1. Protests are disgusting. If you want to protest anyone protest Obama and the Whitehouse.

    Protestors are a bunch of union thugs and Herman Cain is dead right with what he said. Others have agreed as well.

  2. Unions do harm to this economy and stop progression for their own acts of selfishness.

    Union thugs are pure evil.

  3. Workers have a right to work for pay and you do the work you agreed to. You don't hold the organization random or hostage for your own selfishness.

    Use the analogy of Boeing Corporation. Protestors have held back progress on the new jets and it was Bob Turner, our congressional leader who stood up against Obama preventing Boeing from moving to a Right to Work state.

    Same with Wall Street protestors. Wall street is the backbone of global finance in this economy. While there is truth to the fact there are misdeeds, there has been a lot of good as well when true american corporations get off the ground running and get financed and dreams become reality.

    Wall Street protestors accomplish nothing except play havok and divide this nation.

  4. Wasn't it the Wall Street-ers who played havoc?

  5. Absolutely NOT. Barack Obama's donations came from guys like Jamie Dimon and corporate big whigs in the financial sector. He was a lot closer than people were led to believe with one Tony Rezco.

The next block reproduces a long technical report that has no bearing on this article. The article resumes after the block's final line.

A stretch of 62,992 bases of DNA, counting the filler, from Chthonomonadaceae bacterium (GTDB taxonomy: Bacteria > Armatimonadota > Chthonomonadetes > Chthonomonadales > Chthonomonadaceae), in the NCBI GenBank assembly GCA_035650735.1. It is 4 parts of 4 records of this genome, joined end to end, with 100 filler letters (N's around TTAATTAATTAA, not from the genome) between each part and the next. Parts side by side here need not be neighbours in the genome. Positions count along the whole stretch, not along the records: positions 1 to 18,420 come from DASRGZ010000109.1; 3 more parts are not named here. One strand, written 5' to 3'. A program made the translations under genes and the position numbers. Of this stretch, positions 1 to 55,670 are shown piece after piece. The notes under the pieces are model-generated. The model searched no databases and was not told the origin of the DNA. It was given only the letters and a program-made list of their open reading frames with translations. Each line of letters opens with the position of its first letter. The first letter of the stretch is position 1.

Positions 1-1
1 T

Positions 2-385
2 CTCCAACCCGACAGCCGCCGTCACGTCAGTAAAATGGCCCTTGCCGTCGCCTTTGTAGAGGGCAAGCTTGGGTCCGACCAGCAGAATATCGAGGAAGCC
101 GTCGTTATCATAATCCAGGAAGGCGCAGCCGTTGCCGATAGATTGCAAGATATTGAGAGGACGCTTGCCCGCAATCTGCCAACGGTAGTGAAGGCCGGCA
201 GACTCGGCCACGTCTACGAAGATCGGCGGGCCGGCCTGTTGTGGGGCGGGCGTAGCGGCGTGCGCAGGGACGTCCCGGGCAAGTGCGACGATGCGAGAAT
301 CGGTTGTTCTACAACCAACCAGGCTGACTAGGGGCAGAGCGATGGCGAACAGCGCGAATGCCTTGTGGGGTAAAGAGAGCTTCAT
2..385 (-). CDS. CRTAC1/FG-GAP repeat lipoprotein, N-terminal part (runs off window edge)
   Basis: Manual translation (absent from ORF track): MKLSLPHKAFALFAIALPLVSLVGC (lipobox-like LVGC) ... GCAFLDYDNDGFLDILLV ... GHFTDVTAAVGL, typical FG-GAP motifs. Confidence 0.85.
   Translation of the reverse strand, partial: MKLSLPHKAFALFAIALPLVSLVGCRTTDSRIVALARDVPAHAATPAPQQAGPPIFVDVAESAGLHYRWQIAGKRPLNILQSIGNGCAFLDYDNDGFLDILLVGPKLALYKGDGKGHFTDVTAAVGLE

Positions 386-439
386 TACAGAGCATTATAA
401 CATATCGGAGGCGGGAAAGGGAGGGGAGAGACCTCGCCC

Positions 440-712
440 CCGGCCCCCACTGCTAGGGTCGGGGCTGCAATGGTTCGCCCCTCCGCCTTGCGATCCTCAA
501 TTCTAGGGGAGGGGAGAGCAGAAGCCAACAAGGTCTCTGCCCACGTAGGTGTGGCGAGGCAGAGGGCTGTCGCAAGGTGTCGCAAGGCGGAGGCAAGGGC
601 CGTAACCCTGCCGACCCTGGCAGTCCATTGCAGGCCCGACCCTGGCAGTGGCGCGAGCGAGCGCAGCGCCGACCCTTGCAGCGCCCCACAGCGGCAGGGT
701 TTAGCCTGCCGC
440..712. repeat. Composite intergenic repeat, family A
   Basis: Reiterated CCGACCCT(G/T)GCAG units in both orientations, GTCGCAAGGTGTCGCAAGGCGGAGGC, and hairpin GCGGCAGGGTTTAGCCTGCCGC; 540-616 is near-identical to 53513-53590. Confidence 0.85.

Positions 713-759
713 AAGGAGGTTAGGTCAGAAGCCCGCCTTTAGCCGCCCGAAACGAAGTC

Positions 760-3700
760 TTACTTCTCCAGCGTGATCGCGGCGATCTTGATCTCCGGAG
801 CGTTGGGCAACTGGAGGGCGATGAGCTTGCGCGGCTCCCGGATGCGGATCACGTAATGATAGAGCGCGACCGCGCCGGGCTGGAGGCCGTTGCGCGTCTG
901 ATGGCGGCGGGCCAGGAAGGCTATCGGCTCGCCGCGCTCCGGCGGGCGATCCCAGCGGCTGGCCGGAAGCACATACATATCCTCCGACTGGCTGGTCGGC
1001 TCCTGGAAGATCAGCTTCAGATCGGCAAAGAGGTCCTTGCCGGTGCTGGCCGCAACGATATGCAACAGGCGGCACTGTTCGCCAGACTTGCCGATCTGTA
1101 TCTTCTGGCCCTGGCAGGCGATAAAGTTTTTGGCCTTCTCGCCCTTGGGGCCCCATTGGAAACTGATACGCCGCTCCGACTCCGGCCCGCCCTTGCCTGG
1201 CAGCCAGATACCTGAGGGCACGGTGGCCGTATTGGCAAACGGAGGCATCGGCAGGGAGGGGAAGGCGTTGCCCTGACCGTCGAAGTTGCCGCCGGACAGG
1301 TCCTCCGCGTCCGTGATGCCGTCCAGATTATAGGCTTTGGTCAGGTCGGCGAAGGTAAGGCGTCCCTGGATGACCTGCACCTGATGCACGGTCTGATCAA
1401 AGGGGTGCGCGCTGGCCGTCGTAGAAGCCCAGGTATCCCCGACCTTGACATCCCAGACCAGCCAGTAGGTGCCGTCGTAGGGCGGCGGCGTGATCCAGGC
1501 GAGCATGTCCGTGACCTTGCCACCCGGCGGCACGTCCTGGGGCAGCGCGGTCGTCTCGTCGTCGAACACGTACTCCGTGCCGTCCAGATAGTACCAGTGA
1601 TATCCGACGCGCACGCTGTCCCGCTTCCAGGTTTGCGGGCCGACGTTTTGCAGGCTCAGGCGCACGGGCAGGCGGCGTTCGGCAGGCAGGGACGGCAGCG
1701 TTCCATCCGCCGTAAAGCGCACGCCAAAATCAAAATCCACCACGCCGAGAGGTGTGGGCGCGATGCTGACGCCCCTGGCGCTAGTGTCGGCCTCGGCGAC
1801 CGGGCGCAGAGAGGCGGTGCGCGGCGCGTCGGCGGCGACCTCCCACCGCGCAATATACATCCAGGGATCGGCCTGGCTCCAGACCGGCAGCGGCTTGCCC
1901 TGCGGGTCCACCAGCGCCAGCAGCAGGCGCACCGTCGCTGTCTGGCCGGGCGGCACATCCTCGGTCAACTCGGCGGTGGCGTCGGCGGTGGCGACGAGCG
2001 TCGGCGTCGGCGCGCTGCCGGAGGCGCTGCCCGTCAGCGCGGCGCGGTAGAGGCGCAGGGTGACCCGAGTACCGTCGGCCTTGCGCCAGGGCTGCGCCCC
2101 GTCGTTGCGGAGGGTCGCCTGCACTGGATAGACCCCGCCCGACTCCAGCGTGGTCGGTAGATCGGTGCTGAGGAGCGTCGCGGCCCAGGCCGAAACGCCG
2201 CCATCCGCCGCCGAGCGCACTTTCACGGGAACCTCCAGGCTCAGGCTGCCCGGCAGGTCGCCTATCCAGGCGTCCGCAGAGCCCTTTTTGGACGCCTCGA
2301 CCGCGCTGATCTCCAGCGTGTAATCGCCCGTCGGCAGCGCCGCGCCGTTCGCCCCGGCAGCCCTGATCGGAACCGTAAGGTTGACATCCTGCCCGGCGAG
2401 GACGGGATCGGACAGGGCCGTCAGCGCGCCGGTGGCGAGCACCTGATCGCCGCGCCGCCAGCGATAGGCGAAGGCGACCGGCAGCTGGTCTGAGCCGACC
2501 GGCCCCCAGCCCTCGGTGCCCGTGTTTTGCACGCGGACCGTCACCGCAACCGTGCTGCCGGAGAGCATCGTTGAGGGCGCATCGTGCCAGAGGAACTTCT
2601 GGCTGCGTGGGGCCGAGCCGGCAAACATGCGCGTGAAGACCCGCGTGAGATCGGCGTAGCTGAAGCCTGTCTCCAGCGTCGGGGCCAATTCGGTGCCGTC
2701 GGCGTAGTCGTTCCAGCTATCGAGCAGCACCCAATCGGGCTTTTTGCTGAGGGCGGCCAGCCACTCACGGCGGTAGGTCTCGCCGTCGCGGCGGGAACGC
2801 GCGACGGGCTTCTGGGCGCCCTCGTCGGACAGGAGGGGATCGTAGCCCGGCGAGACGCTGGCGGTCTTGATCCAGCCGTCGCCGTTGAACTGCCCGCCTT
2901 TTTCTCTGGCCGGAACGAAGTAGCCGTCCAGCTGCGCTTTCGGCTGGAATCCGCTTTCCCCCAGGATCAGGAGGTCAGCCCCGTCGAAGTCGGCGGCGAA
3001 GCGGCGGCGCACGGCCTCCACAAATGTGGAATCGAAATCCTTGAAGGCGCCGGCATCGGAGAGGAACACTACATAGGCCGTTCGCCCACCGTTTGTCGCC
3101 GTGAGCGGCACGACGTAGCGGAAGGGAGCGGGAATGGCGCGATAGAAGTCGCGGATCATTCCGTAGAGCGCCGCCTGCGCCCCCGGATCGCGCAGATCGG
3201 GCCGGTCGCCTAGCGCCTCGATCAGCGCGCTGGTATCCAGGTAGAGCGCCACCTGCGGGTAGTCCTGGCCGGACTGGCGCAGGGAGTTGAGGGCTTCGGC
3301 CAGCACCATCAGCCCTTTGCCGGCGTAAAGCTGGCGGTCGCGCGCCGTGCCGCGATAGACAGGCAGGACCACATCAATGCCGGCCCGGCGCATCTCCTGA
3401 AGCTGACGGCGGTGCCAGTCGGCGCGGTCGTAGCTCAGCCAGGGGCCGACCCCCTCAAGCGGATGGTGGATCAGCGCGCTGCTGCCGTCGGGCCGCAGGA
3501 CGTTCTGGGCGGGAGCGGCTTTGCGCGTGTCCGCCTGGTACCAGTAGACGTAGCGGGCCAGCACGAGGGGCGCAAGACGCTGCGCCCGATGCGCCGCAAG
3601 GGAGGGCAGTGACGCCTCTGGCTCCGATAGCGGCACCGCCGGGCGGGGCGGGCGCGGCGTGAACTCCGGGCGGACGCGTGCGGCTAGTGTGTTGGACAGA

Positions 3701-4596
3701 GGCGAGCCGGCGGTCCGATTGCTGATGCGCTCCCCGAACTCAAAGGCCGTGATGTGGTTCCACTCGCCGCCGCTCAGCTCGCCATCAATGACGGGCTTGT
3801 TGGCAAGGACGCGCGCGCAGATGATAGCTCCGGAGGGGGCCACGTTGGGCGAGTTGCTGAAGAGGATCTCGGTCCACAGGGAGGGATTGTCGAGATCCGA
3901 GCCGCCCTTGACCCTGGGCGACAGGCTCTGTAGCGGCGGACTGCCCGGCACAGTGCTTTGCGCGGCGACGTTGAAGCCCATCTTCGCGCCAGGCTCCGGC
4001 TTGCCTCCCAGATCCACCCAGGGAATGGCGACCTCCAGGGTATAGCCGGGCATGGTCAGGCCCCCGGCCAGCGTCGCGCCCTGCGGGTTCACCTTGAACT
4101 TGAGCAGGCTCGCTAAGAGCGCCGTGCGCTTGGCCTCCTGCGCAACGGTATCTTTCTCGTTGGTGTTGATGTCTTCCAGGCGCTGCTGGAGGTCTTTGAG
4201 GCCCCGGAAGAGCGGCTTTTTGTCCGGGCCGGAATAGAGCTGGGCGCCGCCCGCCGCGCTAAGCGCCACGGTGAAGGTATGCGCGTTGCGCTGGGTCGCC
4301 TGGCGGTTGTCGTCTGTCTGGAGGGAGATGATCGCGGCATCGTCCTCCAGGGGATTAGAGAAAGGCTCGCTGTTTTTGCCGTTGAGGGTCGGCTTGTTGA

Tony Rezco's whereabouts are unknown right now and his sentencing has yet again been postponed while another trial of another person involved in corruption is ongoing.

    Barack Obama's administration is directly responsible for the financial crisis. To seperate this current administration and say weath redistribution is fair and ethical is wrong and immoral.

    There have been misdeeds on wall street at times. I don't think anyone is denying this. But protesting Wall Street isn't the answer.

    Deals like Solyandra and others were backdoor favors from Obama which were corruption and political favors.

    But going after Wall Street and then going after cops in the area blocking traffic and the like in Manhattan's financial district or harrasing at times employees is the wrong approach. They are not to blame. Wealth creation is not the problem. The problem is the corrupt political ties.

    Many of the political protestors in fact are union employees or representative of the unions in this nation which are corrupt selfish thugs themselves.

    Remember there are seperate facets at play here:

    #1: The Corrupt Political System and Unionization support